Simply Haiku: An E-Journal of Haiku and Related Forms
September-October 2004, vol. 2, no. 5

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Betty Kaplan: Haibun


My father came from Russia. When my younger sister was born, he was left with five little girls to bring up.

her name was Flora
I was told
she loved lilacs
the mother
I never knew

When papa would set the table, he would first put down a sheet of newspaper.

dishes set out
a black and white newspaper
covers the white table
my sisters and I watch and wait
papa's potato pancakes

One day I invited a friend over for lunch. I put down the newspaper. She asked, "where is the table cloth?" I was so embarrassed. I did not know of table cloths.

Many years later, I was watching a movie about Russian immigrants. They were expecting cousins for dinner. The mother covered the table with a newspaper.

There was my childhood. It was not that papa did not know what to do. It was the way of the immigrants at that time.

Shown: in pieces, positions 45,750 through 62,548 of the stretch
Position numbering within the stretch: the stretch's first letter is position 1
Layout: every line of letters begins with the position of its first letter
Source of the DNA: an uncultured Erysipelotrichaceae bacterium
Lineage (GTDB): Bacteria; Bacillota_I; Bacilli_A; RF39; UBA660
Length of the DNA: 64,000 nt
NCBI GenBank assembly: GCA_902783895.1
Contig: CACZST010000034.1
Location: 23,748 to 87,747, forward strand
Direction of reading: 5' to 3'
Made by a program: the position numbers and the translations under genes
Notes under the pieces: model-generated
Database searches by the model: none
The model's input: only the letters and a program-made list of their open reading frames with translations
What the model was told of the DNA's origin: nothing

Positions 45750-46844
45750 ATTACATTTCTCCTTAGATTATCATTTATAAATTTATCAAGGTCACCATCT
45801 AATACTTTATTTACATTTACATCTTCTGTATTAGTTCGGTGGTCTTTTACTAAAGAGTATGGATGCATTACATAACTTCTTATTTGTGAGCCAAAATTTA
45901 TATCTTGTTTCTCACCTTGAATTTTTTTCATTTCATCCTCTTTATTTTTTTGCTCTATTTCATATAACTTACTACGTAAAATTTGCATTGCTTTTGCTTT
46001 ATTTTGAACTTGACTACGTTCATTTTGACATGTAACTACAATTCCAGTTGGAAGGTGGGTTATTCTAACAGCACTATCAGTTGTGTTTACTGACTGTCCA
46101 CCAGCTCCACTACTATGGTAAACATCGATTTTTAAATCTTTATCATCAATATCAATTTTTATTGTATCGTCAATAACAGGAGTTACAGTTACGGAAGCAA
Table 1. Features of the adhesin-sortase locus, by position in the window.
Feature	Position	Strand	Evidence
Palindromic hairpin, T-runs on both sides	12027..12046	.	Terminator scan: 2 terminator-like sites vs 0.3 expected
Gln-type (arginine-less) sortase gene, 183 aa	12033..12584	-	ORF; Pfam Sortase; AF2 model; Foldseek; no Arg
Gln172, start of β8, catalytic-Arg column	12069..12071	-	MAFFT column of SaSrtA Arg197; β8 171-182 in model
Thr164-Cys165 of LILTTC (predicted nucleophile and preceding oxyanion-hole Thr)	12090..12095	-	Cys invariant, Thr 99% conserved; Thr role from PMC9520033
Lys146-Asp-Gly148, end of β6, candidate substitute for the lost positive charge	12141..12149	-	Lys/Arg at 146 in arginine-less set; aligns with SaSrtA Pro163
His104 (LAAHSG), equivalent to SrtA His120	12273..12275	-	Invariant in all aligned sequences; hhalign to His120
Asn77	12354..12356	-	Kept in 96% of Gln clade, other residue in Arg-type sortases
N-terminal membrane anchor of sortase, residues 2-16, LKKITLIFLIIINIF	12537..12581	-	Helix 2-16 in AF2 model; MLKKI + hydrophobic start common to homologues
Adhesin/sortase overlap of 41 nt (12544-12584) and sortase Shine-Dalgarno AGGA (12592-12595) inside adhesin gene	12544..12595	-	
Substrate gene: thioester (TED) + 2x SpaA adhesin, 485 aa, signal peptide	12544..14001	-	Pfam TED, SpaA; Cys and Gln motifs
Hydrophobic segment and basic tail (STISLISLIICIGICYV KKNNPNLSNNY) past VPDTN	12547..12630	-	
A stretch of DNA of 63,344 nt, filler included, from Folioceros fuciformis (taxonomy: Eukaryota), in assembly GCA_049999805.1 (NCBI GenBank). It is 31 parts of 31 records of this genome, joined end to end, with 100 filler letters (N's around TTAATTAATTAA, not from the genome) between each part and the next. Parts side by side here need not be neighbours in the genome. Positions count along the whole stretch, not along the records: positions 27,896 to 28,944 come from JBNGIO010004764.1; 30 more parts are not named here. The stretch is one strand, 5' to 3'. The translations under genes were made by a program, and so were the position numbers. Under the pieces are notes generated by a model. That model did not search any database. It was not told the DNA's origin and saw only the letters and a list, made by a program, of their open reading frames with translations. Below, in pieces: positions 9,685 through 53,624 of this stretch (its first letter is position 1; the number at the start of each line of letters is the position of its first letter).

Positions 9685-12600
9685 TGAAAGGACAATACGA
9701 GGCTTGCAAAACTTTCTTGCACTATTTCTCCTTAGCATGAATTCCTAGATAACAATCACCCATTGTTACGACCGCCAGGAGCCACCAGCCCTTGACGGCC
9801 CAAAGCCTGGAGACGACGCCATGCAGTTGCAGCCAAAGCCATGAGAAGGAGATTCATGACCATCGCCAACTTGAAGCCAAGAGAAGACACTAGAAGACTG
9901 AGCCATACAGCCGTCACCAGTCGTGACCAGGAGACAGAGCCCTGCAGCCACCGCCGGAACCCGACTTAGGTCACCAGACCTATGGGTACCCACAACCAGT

a holiday table
with bone china and silver
set on fine linen
my heart remembers love placed
on a sheet of newspaper

(Originally published by Lynx)


More and more, it is voice response.
I check with my bank daily and now, instead of tapping in all the
numbers, you talk to a "guy."
After a while you think you know "him."
I even have said "please" and "thank you."
But this morning as I am holding the phone, I sneeze.
Quiet at the other end and then, "Sorry, I cannot find a response to
your request."

.....tangled strings --
..........the marionette
...............twists and turns

Betty Kaplan is retired from the Fashion Industry. She used to arrange clothes, and now arranges words. She started to write haiku five years ago and has published in Frogpond, Lynx, Woodpecker, South by Southeast, World Haiku Review and American Tanka.